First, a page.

Census complicated in small towns

Saturday, June 12th, 2010

Here’s a peek into rural America from mountvernonnews.com:

  • By Melissa Raines

  • June 11, 2010 10:33 am EDT

MOUNT VERNON — Some local residents have raised concerns about the way the 2010 Census is being administered. The constitution mandates a census be taken in this country every 10 years, counting every person living in the U.S. to determine representation in congress.

Some residents in the villages of Howard, Danville and Gambier have questioned why they never received their 2010 census forms in their mailboxes as they did in past census years.

“People were wondering why they didn’t get them,” said Howard resident Susan Rogers. Some residents said they thought they may have misplaced them, or that they were lost in the mail.

Rogers was one of several people who inquired at her local post office whether the forms had been delivered.

“I was told that they all came to the post office but they were all sent back because they didn’t have post office boxes on them,” Rogers said. “That’s a waste of taxpayer money.”

Residents in Danville and Gambier report they were told the same thing. A Knox County postal worker told the News as many as 90 percent of the forms received at the post office where he works were returned as “undeliverable” because they were not addressed with post office box numbers.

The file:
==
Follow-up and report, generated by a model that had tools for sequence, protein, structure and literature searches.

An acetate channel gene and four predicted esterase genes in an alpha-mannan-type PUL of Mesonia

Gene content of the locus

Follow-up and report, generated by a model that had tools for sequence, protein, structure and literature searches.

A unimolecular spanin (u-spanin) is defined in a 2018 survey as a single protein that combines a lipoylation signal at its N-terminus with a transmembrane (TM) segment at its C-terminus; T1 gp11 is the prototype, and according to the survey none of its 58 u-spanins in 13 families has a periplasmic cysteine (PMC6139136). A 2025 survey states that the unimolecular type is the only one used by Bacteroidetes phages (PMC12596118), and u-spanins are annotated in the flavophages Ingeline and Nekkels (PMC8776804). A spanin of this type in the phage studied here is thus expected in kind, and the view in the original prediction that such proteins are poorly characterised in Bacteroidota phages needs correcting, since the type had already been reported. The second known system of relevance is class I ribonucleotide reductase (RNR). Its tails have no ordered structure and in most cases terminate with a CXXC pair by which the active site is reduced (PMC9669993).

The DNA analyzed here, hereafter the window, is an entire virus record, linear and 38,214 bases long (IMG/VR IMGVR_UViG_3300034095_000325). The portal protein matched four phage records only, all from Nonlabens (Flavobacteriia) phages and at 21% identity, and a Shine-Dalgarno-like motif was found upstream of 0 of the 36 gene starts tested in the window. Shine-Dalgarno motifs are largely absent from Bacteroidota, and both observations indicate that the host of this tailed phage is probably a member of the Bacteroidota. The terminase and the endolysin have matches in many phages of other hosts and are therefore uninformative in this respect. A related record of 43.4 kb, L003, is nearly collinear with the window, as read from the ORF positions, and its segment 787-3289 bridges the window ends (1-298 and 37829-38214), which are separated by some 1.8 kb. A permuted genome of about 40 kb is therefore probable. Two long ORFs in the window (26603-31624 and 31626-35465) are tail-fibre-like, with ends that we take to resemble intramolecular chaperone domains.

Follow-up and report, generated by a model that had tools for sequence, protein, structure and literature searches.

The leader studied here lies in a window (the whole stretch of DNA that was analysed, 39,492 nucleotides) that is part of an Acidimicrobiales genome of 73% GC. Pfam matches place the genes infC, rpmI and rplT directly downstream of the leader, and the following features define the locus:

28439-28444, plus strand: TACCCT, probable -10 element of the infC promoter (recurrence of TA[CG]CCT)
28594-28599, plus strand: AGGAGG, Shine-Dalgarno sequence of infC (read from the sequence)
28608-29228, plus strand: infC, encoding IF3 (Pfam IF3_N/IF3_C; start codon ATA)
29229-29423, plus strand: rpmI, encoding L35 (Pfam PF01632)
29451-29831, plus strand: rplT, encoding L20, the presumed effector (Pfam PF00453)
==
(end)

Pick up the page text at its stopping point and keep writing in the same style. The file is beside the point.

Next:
According to Kim Hunter, media team leader for the U.S. Census Bureau’s Detroit Region which includes Ohio, much of the Knox County area is classified by the census bureau as “update/leave” meaning forms are not mailed to homes but left at the door by an enumerator. The forms can then be mailed in or collected by a census employee.

Some residents interviewed by the News said their forms were left weeks ago at their doors in time to be returned by the April 16 deadline.

Malinda St. Clair of Martinsburg said her form was left at her door. “It was left a few weeks ago,” she said. Norma Simpson of Howard said hers was left as well.

Perhaps adding to the confusion, press releases the census bureau have released since April say residents with post office boxes will automatically have a visit to their home by enumerators to receive and complete their forms.

“Residents that normally pick up their mail from a post office box don’t receive a form in the mail but will be visited by a census taker beginning in May,” reads one release from April.

Michele Lowe, U.S. Census Bureau public information officer, referred to more information provided on the U.S. Census Bureau Web site while speaking by telephone to the News.

These releases repeatedly state that mail customers with post office boxes do not receive forms by mail, but instead receive a face-to-face visit.

An April 7 posting by the census bureau titled, “Some Reasons You’re Not Yet Receiving Your Census Form,” gives possible reasons for not receiving a form.